The Impact of The Mining Industry on Air Pollution

Mining is one of the most critical sectors that constitute a significant portion of the world economy. Unfortunately, due to the nature of its production stage, environmental problems arise. One crucial problem affecting the health of the public living around those sites is air pollution. Pollutants released during the production cycle are the main reason for this health problem. It is possible to minimize its contribution to climate change with new clean energy models. The mining industry plays a crucial role in producing the metals and minerals required to transition to these energy models. This sector contributes to the net-zero target and needs to handle economic development and environmental protection together.

Australia’s largest open-pit mine (Shutterstock)

While climate change threatens the ecological balance, air pollution is the main reason for 7 million premature deaths yearly (WHO, 2021). We need to minimize our environmental footprint to leave a livable environment for future generations. As the August 2021 IPCC report clarifies, it is essential to de-carbonize the global economy as quickly as possible to address these issues. This requires a new transformation. The decision to leave out coal at COP26 made it mandatory for countries to turn to use clean energy types (United Nations Climate Change, 2021). This means that other metals and minerals (Lithium, graphite, cobalt, nickel, etc.) will be used instead of coal as an energy source. By 2040, mineral requirements for clean energy technologies are expected to quadruple (URL 1). In fact, this situation will not reduce the development of the mining sector with its current decision to exit coal; on the contrary, it will ensure its economic growth is more significant than other sectors.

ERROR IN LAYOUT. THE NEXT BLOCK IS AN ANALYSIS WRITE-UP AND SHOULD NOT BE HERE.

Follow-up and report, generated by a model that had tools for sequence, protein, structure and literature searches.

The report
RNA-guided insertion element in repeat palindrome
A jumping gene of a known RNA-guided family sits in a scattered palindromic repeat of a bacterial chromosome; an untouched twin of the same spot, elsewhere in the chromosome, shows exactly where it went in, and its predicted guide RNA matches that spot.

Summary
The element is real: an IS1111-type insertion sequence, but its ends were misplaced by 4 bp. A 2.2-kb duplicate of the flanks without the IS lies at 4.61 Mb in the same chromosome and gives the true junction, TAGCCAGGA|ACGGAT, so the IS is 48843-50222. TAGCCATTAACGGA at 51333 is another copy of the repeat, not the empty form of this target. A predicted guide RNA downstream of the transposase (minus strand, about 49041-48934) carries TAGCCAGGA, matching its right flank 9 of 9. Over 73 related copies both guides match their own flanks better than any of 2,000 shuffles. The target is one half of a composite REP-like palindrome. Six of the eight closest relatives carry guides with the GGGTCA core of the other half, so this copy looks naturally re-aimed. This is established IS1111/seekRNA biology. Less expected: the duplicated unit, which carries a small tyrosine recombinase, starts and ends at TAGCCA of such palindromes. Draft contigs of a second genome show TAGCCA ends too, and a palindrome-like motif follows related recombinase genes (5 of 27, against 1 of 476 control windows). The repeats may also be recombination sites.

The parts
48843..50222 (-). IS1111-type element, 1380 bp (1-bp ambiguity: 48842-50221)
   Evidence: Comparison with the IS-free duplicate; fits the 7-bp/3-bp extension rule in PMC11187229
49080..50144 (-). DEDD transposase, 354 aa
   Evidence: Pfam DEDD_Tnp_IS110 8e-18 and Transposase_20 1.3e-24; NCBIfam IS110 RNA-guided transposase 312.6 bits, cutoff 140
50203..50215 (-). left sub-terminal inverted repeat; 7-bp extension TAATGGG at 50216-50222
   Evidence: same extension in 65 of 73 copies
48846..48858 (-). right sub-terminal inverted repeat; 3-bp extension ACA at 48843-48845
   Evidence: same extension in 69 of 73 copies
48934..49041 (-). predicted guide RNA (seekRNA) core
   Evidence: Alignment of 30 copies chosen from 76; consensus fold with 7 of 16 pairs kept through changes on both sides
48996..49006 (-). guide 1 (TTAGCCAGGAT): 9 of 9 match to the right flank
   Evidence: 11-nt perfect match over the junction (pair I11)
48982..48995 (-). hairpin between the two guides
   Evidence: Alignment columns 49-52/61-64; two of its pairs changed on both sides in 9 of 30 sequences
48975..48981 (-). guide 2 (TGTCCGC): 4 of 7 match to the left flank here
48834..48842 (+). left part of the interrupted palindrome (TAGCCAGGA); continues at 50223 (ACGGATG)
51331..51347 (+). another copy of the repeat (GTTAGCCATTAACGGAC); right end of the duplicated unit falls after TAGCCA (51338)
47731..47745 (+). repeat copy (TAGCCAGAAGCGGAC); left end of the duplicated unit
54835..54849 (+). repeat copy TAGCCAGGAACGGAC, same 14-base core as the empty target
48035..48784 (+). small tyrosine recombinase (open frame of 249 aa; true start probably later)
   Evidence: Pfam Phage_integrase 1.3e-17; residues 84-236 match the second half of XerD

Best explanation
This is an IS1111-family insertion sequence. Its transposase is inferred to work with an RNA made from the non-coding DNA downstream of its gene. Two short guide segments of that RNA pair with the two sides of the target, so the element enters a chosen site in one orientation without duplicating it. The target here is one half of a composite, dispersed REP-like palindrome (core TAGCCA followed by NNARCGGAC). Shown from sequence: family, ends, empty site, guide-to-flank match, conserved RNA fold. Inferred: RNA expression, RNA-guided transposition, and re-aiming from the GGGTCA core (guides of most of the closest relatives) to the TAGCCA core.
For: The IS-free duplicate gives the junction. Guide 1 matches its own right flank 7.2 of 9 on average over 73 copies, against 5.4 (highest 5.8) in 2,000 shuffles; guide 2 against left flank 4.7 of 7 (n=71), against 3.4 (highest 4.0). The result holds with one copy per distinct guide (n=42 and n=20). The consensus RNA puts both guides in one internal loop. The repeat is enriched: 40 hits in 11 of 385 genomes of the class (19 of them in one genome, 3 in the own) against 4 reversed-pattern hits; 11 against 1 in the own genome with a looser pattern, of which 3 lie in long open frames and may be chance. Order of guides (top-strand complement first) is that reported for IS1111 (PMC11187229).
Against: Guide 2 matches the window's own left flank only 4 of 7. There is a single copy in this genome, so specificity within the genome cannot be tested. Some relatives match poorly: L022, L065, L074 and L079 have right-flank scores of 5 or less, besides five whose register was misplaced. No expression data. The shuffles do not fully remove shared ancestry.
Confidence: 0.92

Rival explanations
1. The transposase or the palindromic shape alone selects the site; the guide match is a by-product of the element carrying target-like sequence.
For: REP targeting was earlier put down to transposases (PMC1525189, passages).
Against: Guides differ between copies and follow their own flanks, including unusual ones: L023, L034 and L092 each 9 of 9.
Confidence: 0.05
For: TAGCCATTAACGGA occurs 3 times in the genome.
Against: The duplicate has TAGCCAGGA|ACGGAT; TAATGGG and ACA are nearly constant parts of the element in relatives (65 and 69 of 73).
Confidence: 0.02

The economic models that change according to the conditions of the new world also bring about changes in trade. The European Union aims to be climate neutral by 2050, that is, to zero its net greenhouse gas emissions (European Commission, 2020). In this direction, it has developed the Border Carbon Adaptation Mechanism to include other countries in the fight against climate change. This system can be understood as the extension of the intra-EU Emissions Trading System (ETS) outside the EU with the simplest definition. Since 2005, the EU ETS has been concerned with regulating emissions from factories and power plants in energy and carbon-intensive sectors such as electricity, paper, cement, iron and steel, petroleum products, chemical products, and air transport (Aşıcı, 2021). Since the mining industry is also affected by this system, investors need to de-carbonize their facilities as soon as possible. According to a data source from 2020, mineral exports in Turkey meet 2.53% of general exports (URL 2). Turkey is rich in resources, enabling the mining industry to develop rapidly and have an essential share in exports. Reducing or even not emitting greenhouse gases in the production cycle is necessary to turn this situation into an advantage.

Nowadays, enterprises’ environmental and social performance is one of the most critical points in global trade. Minimizing the environmental impacts of mining activities is necessary to contribute to sustainable development and solve various environmental and social challenges that harm local communities and disrupt supply. Thus, one of the steps companies should take is to manage the air quality in the mine sites.

Open-pit blasting (URL 3)

From the discovery of an ore formation to the site’s abandonment, the mining process takes place in 5 primary stages. Prospecting, development, production, and rehabilitation (Beşir, 2015). In its most general form, mining activities are carried out in two ways, underground and above-ground. Particularly, Particulate Matters (PMs) and Methane (CH4) gas emissions in open and underground mining constitute a large part of the air pollution in mining areas. In addition to the dust resulting from the blasting activity in surface mining, some gases are also emitted into the atmosphere as a result of the chemical reaction that occurs due to the use of explosives on the sites. These are CO2, H2O, N2, CO, NOx and SO2 (Beşir, 2015).